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Tattooing, Piercing and Body Art

  Oriental tattoo

Jump to: Tattooing | Piercing | Body Art.

The following is a summary of information from the Environmental Health Department's comprehensive document on body decoration. Use the links below to read the full document.

Tattooing, Piercing and Body Art, Word document 51kb | Tattooing, Piercing and Body Art, PDF 88kb.

Tattooing

Tattooing is an ancient art form of permanent colour marking below the skin surface. It requires very strict hygiene to prevent the spread of infection. The principle of tattooing is to penetrate the outer skin layers and to introduce colour, so that when the skin heals the colouration remains visible.  There are a number of standard precautions that must be observed to reduce the risk of transmission of blood-borne microorganisms including Human Immune deficiency Virus (HIV), Hepatitis B and Hepatitis C viruses.
 

Other Forms of Tattoo

  • Temporary Tattoos: The only genuine temporary tattoos are transfer, airbrush and henna tattoos.
    • Transfer Tattoos: Transfer tattoos are highly coloured and adhere to the skin. They can be washed off or will fade away after one or two days.
    • Airbrush Tattoos: Airbrush tattoos do not involve any penetration of the skin. A stencil is applied to the area and pigments suspended in an alcohol product are sprayed onto the skin through the stencil using an airbrush. The effect will be a coloured tattoo and the colouring dries as alcohol evaporates. The 'tattoo' effect lasts for three to five days
    • Henna Tattoos: Henna tattooing is a process that involves staining the surface of the skin, an effect lasting approximately up to two weeks. It does not involve penetration of the skin using needles. The skin must be cleaned with an alcoholic wipe prior to carrying out the procedure in order to remove micro-organisms.
  • Micro pigmentation: This is sometimes described as cosmetic enhancement or semi permanent makeup, and the process involves tattooing but is used to produce natural pigmentation on body areas e.g., replace eyebrows and eye lines etc. All hygienic standards for tattooing are required.
  • Nail Tattoos: This is an outdated fashion and involves using tattoo guns to put designs on fingernails. The same hygienic standards as tattooing are required which is why manicurists now place transfers under plastic lacquers with no risk of cross contamination.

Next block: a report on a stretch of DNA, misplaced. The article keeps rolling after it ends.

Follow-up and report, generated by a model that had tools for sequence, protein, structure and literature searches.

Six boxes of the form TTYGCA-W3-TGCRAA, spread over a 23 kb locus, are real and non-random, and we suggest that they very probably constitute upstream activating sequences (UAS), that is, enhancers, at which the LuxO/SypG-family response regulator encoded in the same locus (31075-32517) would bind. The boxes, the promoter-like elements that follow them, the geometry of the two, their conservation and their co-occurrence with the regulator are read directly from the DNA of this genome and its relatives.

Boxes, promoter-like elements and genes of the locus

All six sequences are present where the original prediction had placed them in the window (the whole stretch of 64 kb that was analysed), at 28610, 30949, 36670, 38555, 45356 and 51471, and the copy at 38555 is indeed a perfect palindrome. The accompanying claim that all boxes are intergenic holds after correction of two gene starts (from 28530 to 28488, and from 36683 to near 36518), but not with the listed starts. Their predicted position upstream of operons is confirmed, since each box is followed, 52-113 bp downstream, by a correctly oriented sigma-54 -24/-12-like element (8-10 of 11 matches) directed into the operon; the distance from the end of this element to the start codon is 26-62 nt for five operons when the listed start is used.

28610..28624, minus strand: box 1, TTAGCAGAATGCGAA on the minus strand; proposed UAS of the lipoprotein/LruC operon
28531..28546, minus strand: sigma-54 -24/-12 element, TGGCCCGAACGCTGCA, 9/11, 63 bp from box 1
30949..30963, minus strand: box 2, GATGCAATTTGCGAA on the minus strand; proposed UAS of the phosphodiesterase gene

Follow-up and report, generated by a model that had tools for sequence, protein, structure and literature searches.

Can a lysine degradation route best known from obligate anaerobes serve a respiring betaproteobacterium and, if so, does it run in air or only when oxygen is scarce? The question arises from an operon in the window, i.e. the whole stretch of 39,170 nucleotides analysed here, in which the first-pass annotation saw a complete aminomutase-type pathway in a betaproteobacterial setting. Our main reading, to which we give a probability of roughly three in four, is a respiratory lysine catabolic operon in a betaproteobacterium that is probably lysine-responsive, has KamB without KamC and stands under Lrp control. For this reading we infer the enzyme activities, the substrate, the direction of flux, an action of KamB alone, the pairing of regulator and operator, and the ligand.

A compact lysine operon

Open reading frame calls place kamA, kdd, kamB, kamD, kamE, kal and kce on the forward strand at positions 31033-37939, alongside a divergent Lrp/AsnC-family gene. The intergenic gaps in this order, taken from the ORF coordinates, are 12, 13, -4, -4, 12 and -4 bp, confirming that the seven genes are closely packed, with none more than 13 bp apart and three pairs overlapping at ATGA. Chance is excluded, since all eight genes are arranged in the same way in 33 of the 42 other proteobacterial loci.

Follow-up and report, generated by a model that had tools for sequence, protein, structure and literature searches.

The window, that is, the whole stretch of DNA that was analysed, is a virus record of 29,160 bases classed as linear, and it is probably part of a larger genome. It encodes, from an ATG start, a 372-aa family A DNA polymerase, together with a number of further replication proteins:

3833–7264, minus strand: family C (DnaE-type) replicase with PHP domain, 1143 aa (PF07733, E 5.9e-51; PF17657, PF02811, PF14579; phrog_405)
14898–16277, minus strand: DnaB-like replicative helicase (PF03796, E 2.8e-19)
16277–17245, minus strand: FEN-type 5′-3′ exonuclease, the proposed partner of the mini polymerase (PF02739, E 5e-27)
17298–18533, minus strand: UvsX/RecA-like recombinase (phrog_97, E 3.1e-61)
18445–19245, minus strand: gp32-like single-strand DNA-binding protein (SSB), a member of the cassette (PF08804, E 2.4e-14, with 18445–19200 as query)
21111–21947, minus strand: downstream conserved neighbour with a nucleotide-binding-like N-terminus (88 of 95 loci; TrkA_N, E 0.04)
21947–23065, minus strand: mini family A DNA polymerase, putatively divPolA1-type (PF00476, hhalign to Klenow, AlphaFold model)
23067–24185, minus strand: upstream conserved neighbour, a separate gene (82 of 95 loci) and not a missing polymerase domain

• Temptoo / temptu: A tattoo where the needles pierce the skin, but supposedly do not breach the epidermis. Temptoo dyes are said to rise to the surface of the skin and vanish over three to five years. It is very difficult to control or guarantee the depth to which the tattoo needles penetrate.
    There is little evidence to show that tattoos are temporary if produced by dye or pigment injection into the skin. The infection hazards of skin piercing are present regardless of the stated lifespan of the finished tattoo.
    Temptoo should be distinguished from temporary transfer skin decorations, which are regulated as cosmetics.

Skin Piercing

Eyebrow PiercingSkin piercing is an ancient cultural phenomenon which has only emerged into Western mainstream society over the last three decades.

  • Ear piercing: Ear piercing is the most popular form of skin piercing and in Western society around 80% of females have their ears pierced.
    The lobe and upper cartilaginous parts (the helix) of the ear are the most popular sites for ear piercing. The lobe takes between six and eight weeks to heal and the helix three to six months.
  • Nose Piercing: Piercings' can be made in the nostril or the septum the part dividing the nostrils. The healing time can be as long as six months. Such piercings may be problematic because of the difficulty in disinfecting and keeping clean the wet mucous surfaces on the interior of the nose.
  • Mouth piercing: Lips, cheeks and the tongue are usual sites and jewellery should be carefully selected to avoid chafing or irritation of the teeth and / or gums. Piercing through the coloured part of the lip is not advised.
    Tongue piercing must be carried out with particular care, owing to the risk of severing large blood vessels, or causing trauma to nerve tissue. The tongue will commonly be swollen for one or two weeks after the piercing procedure.